In comparison with April 2015, cybercriminals intensified their attacks on Internet resources with the use of Linux.BackDoor.Gates.5. In May, the number of attacked IP addresses increased by more than 65.5 per cent and was estimated 5,498. Cybercriminals also changed the focus of their attacks. Thus, China became again the country leading in the number of compromised resources, while the United States were ranked second.
The number of requests for decryption received by the Doctor Web technical support service
The most common ransomware programs in May 2015
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Threats to Linux
In May 2015, Doctor Web security researchers examined a number of malicious programs that can infect computers with the Linux operating system. One of them was created by the Chinese hacker group called ChinaZ. The malware was named Linux.Kluh.1. Its main purpose is to infect routers running Linux. Similar to other programs written by ChinaZ, Linux.Kluh.1 serves the purpose of launching the following DDoS attacks: HTTP Flood (Linux.Kluh.1 can disguise itself as a Baidu crawler if a corresponding command is received from the command and control server), Spoofed SYN Flood, SYN Flood, and other DDoS attacks executed by sending mass requests to DNS servers. Among particular features of this Trojan one can mention the address of the Internet resource with the malware’s command and control server.
Another dangerous program targeting Linux acquired the name of Linux.Iframe.4. This is a malicious plug-in for the Apache web server that injects Iframe into web pages browsed by users redirecting the victim to the web page run by cybercriminals. To avoid false triggering, cybercriminals implemented into the Trojan’s architecture a function to check for the UserAgent parameter. This feature identifies the browser version and the victim’s IP.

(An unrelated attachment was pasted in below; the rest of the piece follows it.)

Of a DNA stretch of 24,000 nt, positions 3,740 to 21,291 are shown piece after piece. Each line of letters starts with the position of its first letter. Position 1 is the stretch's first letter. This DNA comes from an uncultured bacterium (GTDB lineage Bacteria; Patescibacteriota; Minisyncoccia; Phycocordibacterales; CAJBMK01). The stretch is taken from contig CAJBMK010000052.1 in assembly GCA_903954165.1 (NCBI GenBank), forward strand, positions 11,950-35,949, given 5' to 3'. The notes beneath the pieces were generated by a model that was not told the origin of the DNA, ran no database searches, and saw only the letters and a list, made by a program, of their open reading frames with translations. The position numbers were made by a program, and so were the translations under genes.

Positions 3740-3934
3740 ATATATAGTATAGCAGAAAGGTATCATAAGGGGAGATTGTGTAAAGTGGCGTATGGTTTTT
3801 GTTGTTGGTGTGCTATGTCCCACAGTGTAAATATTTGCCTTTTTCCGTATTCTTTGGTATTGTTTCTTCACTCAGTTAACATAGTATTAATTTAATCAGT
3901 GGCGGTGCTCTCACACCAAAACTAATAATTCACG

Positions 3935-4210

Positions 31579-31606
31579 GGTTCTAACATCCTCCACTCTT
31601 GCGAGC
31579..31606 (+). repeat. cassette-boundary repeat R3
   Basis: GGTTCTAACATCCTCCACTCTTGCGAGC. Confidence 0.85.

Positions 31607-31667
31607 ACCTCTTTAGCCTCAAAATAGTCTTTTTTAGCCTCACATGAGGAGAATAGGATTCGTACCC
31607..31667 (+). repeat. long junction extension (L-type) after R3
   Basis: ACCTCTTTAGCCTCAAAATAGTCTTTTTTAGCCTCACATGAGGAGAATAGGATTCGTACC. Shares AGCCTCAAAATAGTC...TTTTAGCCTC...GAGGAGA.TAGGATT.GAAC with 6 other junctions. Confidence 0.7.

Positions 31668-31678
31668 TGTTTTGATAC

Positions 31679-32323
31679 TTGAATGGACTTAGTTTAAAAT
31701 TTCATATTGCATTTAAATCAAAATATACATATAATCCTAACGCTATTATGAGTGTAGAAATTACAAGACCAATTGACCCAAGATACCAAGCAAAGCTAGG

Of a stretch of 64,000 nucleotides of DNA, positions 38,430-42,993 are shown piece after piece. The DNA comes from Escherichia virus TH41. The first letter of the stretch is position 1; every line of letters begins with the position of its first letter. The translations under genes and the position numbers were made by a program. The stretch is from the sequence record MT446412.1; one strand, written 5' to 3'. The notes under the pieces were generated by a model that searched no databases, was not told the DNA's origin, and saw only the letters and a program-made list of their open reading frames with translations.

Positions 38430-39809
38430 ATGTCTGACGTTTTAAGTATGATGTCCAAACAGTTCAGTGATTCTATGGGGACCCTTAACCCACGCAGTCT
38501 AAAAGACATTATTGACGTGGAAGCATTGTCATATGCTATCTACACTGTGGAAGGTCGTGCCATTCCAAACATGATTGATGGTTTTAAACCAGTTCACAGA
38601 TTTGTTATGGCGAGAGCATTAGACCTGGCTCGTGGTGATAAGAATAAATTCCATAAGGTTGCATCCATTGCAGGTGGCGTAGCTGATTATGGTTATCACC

Signatures of all malicious programs targeting Linux and detected in May have been added to Dr.Web virus databases for Linux.
In May, noticeable increase in activity on the part of cybercriminals who continue tricking Internet users into giving away their money was registered. To attract the potential victim’s attention, cybercriminals send bulk SMS messages with the text informing the recipient that they have won a car. All SMS messages contain a link to a web page that looks like an official Internet resource of some car dealer and provides detailed information regarding this “promotional campaign”.
To collect the main prize, visitors of the fake site are asked to pay 1% of the car’s value in tax via a payment terminal or to purchase the MTPL insurance.
During May 2015, 221,346 URLs of non-recommended sites were added to Dr.Web database.
Find out more Dr. Web non-recommended sites
Malicious and unwanted programs for Android
During May, a number of new malicious programs for Android were detected. Among the most noticeable events related to malware for Android we can mention
- Attacks using various banking Trojans
- Detection of new SMS Trojans
- Emergence of new Android ransomware
Learn more with Dr.Web